Stock Market Today: Treasury Auctions Poor, While Jobless Claims Drop

The US equity market is flat today, which is expected because of the holiday.  Initial Jobless Claims dropped, but the Treasury auctions were rather disappointing. We are watching for a dip to happen in the next few weeks because of major asset managers due to allocation rebalancing that will sell-off positions.

10:21 ET Treasury’s $65 bln bill auctions were poor, suffering from the lack of liquidity in thin holiday markets.

Demand is also likely to fade a bit on the assumption that more supply will be coming to fund the expected stimulus deal. The $30 bln 4-week offering stopped at 0.080%, through the 0.085% at the deadline. It’s the same award rate from last week. There were $89.9 bln in bids for a 3.06 cover, below the 3.37 from last week and the 3.42 average. It is the weakest since August 27. Indirect bidders accepted only 28.1%, well off of the prior 41.8% and below the 33.3% average. It is the lowest since November 12. The $35 bln 8-week bill was awarded at 0.085%, also through the 0.090% at the deadline. And it’s a little richer than the prior week’s 0.090%. Bids totaled $98.1 bln for a 2.84 cover ratio, also considerably below last week’s 3.27 and the 3.34 average. It is the worst since late June. Indirect bidders took 35.6%, less than the prior week’s 49.2% and 44.2% average. It’s the lowest since November 19.

09:01 ET Treasury Action: the markets are mostly static and trading around unchanged levels as activity winds down for the year.

The markets are a little cheaper on some last-minute back-and-forth. The 10-year rate is at 0.933%, with the bond at 1.672%, and the 2-year at 0.121%. The Dow and S&P 500 minis are slightly lower at 30,286 and 3721, respectively, and the NASDAQ is a touch firmer at 12,848. The focus remains on the immediate concerns over the surging virus cases and the new strains which have resulted in renewed and more stringent mitigation measures that are adding to concerns over a slowing in growth momentum. Those fears are being offset by vaccines that are supporting a more optimistic medium-term outlook. U.S. stimulus has been disappointing, but expectations are for a bigger package next year, with the Fed maintaining its uber-accommodative stance for years to come.

stock newsAD - Recover your investment losses! Haselkorn & Thibaut, P.A. is a national law firm that specializes in fighting ONLY on behalf of investors. With a 95% success rate, let us help you recover your investment losses today. Call now 1 888-628-5590 or visit InvestmentFraudLawyers.com to schedule a free consultation and learn how our experience can help you recover your investment losses. No recovery, no fee.

09:00 ET Equity futures are little changed, as light holiday volume has become even lighter.

The Dow mini is -0.07% lower, the S&P 500 mini has dipped -0.08% and the NASDAQ mini is 0.07% firmer in pre-market futures trading. Modest 0.1% to 0.2% gains were on offer yesterday in regular trading on Wall Street. The Dow made its 13th high for the year on Wednesday. Remarkably, the three indexes together managed to set 100 record closing highs this year. Stocks have had a stellar year, driven by the stimulus, Fed accommodation, and (eventually) the roll out of vaccines. The Brexit compromise has also been supportive of risk this past week. The launch of vaccination campaigns in the U.S. and Europe has allowed investors to look past near-term uncertainty as virus cases and restrictions surge — a return to normal activities is anticipated by the middle of next year. Of course, renewed worries over the new virus strains and more stringent lockdowns will be headwinds early in the New Year.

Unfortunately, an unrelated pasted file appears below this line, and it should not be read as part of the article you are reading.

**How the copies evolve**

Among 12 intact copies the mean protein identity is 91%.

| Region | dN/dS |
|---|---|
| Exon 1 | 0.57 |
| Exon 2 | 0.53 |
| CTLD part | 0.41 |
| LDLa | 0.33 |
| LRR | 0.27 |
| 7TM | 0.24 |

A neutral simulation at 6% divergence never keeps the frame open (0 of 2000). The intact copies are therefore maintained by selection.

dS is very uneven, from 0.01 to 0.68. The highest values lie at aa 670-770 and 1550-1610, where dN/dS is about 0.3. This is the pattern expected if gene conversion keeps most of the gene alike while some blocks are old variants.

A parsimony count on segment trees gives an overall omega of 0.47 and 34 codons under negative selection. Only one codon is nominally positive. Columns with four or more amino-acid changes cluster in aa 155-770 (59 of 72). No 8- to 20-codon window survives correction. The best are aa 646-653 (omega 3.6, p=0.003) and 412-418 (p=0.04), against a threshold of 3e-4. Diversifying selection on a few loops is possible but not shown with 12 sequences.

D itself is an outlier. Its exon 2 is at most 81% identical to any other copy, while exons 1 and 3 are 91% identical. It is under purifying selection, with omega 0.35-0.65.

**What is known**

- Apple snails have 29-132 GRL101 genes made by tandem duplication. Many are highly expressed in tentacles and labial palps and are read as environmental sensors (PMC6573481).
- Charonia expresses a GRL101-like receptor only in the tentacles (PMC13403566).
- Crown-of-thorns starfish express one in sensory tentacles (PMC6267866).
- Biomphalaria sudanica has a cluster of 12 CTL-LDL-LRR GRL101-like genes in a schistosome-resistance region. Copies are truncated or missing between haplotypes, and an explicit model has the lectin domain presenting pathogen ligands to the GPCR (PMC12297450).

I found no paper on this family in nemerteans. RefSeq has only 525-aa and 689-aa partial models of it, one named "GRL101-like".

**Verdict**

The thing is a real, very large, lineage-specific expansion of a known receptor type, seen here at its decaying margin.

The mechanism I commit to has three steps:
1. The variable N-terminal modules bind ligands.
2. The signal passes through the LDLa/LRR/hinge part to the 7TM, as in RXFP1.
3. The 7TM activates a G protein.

08:45 ET The -19k initial claims drop to 787k in the Christmas week extended the -86k plunge to 806k (was 803k) last week.

Claims on an NSA basis fell -32k to 841k, after last week’s big -69k drop to 873k (was 869k). The declines further trimmed the net initial claims up-tilt with rising coronavirus restrictions, though we attribute the big swings since Veteran’s Day primarily to arbitrary seasonal adjustment during this odd holiday period. Continuing claims fell -103k to 5,219k after a -185k drop to 5,322k (was 5,337k). The insured jobless rate sustained last week’s drop to 3.6%, versus a 17.1% peak in May and a 1.2% cycle-low for nearly two years ending in mid-March. Initial claims are averaging 835k in December, versus lower prior averages of 749k in November and 786k in October, but a higher 865k in September. The 892k December BLS survey week reading exceeded recent survey week readings of 748k in November, 797k in October, and 866k in September. Continuing claims fell -767k (was -752k) between the November and December BLS survey weeks. We saw prior drops of -1,734k in November and -4,924k in October. We will leave our December nonfarm payroll estimate at 100k.

08:36 ET Initial claims declined -19k to 787k in the week ended December 26, lower than expected.

This follows the -86k plunge to 806k (was 803k) previously which unwound about half of the gains over the prior two weeks to 892k that was the highest since September 4 as the spike in virus cases has seen some renewed shutdowns and layoffs. The 4-week moving average edged up to 836.8k from 819.0k (was 818.3k). Claims not seasonally adjusted slid another -31.7k to 841.1k after dropping -69.1k to 872.8k (was 869.4k). Continuing claims fell -103k to 5,219k in the December 19 week after declining -185k to 5,322k (was 5,337k). The insured unemployment rate was steady at 3.6%.

Don't miss a thing

Get free professional market insights and stock/ETF reports that contain actionable opportunities written by a former financial advisor and Capitalist who has been investing in the markets for 20+ years.

Scroll to Top